When I first got married, the only onion I cooked with was the dried onion flakes you find in the spice aisle. I did this because it was easy (no chopping, no tears) and because I feared biting into a piece of onion in cooked food. Ugh! You know, when you get a piece of raw (or rawish) onion in something that is cooked – the other foods are soft, but the onion has that very particular bite to it when raw and even a sound. Celery has this same quality. For me, biting into that raw onion in cooked food was just as bad as nails on a chalkboard! I still keep the dried minced onions on hand for when I’m out of regular onions, and Hubby uses them a lot when he cooks.
For those of you who think you do not like onions, what you may not like is just the same issue that I have. Other “onion haters” may have had onion in another dish that just was not a good mix of flavors, textures, or even just too much onion. My advice to all of you is to rethink onions and give them another chance but in some different ways.
If you are not big on knowing the onion is in a dish, the trick is to chop the onion finely and sauté it until soft. If a recipe calls to add an onion after the meat is browned, for example, do the opposite instead. Add the onion first to soften it, and then add the meat to the pan) especially ground beef. This eliminates those big pieces of partially raw onion. Doing it this way, you will notice you love the extra flavor your food has, and I promise the picky eaters who say they hate onions will never complain one bit! This applies to all the onions.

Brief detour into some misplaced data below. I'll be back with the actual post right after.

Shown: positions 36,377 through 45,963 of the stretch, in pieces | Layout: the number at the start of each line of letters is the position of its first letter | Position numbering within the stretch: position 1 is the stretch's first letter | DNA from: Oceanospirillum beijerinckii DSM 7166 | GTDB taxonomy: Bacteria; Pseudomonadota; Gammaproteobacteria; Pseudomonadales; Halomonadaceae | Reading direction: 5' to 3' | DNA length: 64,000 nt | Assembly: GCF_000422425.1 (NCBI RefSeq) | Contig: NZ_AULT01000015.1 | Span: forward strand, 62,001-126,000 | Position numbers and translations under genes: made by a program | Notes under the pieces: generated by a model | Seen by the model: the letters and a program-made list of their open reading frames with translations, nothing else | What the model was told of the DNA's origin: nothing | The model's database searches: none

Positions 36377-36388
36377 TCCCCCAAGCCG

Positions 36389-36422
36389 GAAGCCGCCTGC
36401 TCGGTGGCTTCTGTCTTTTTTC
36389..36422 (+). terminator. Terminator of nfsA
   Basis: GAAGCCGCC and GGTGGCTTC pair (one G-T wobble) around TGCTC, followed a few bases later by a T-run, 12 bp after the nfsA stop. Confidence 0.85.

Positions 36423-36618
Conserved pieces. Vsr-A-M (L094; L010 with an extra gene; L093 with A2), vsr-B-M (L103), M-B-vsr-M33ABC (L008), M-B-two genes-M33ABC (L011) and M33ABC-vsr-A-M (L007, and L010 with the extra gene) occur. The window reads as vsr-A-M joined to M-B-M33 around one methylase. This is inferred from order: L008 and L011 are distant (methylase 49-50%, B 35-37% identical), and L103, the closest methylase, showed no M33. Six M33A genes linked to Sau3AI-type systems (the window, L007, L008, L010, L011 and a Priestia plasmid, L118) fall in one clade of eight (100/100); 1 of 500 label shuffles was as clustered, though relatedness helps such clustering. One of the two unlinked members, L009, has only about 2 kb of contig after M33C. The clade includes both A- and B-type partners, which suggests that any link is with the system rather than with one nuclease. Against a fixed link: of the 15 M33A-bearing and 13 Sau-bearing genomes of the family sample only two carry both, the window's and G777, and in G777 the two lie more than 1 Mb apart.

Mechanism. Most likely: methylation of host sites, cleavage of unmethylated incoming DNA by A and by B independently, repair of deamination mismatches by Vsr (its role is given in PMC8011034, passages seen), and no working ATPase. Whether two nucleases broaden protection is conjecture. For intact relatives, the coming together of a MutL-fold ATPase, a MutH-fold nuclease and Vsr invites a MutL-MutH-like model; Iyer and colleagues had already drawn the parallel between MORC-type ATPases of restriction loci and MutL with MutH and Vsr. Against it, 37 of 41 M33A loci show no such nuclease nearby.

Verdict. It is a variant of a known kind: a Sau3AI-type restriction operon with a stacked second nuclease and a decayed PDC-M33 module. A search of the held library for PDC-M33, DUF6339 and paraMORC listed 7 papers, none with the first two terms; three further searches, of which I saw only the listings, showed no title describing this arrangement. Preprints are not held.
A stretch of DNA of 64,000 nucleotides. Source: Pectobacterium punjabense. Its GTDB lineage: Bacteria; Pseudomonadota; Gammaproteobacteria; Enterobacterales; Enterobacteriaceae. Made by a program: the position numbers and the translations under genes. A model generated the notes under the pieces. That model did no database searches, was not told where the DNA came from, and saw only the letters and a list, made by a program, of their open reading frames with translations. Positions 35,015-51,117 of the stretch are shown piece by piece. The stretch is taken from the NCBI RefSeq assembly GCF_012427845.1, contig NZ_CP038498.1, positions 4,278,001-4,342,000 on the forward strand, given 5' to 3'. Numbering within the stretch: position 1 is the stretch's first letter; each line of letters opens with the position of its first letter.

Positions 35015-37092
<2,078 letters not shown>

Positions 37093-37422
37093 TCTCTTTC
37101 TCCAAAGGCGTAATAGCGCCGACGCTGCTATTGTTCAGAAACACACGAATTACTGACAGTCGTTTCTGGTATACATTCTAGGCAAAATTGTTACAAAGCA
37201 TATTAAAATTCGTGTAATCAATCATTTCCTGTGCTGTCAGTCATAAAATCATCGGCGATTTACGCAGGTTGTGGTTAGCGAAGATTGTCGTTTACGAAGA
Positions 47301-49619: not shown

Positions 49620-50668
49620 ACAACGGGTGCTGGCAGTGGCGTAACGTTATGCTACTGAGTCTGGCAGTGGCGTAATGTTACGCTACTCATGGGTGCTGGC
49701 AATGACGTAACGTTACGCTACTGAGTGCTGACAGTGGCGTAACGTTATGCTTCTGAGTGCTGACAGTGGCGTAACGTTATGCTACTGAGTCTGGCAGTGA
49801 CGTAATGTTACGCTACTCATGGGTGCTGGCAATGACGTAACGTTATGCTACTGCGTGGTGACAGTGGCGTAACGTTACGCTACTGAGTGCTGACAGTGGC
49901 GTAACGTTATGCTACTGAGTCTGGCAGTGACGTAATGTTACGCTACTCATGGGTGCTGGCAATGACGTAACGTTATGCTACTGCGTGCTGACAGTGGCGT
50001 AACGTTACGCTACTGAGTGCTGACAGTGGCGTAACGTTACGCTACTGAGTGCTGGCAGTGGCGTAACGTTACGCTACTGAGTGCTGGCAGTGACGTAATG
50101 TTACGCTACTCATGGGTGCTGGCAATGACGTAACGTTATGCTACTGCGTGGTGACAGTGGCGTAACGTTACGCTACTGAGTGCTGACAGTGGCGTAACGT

Commonly called Spanish onions also. This is a good all-around onion for cooking but not as good for using in a raw state. If you want caramelized onions or to make something like French onion soup, the yellow onion is your best bet partly because when you sauté yellow onion, it gets to a deep golden brown and becomes sweet and milder. Also a great choice for stocks.
This is actually my personal go-to onion for cooking; I just like the look of them better at the store all the time. It is the type of onion used in classic Mexican dishes as well. White onions will turn a gold color when sautéed and become a bit sweeter. My husband likes slices of raw white onion when he has ham and beans – I think it is the contrast of the sharpness and crispness of the onion next to the soft and muddled flavor of the beans.
Most of the US calls them red, but in other places, they are called purple onions. That makes more sense since they actually are purple and not red. I bet it was a color-blind man who decided they should be called red. The red onion is great for raw uses. Not only with the flavor add a kick to a dish, but the vibrant color is a nice addition. You see red onions often for salads and as sandwich toppings. When used for this purpose, I highly recommend slicing them paper-thin. Get a small hand slicer (or mandolin) if you aren’t so great with a knife. The thin slices are kind of invisible as far as texture goes in these dishes, but the flavor impact is there and makes a big difference. If you try the same dish with thick-cut onions, though, I guarantee you will see a huge change in how you feel about the recipe.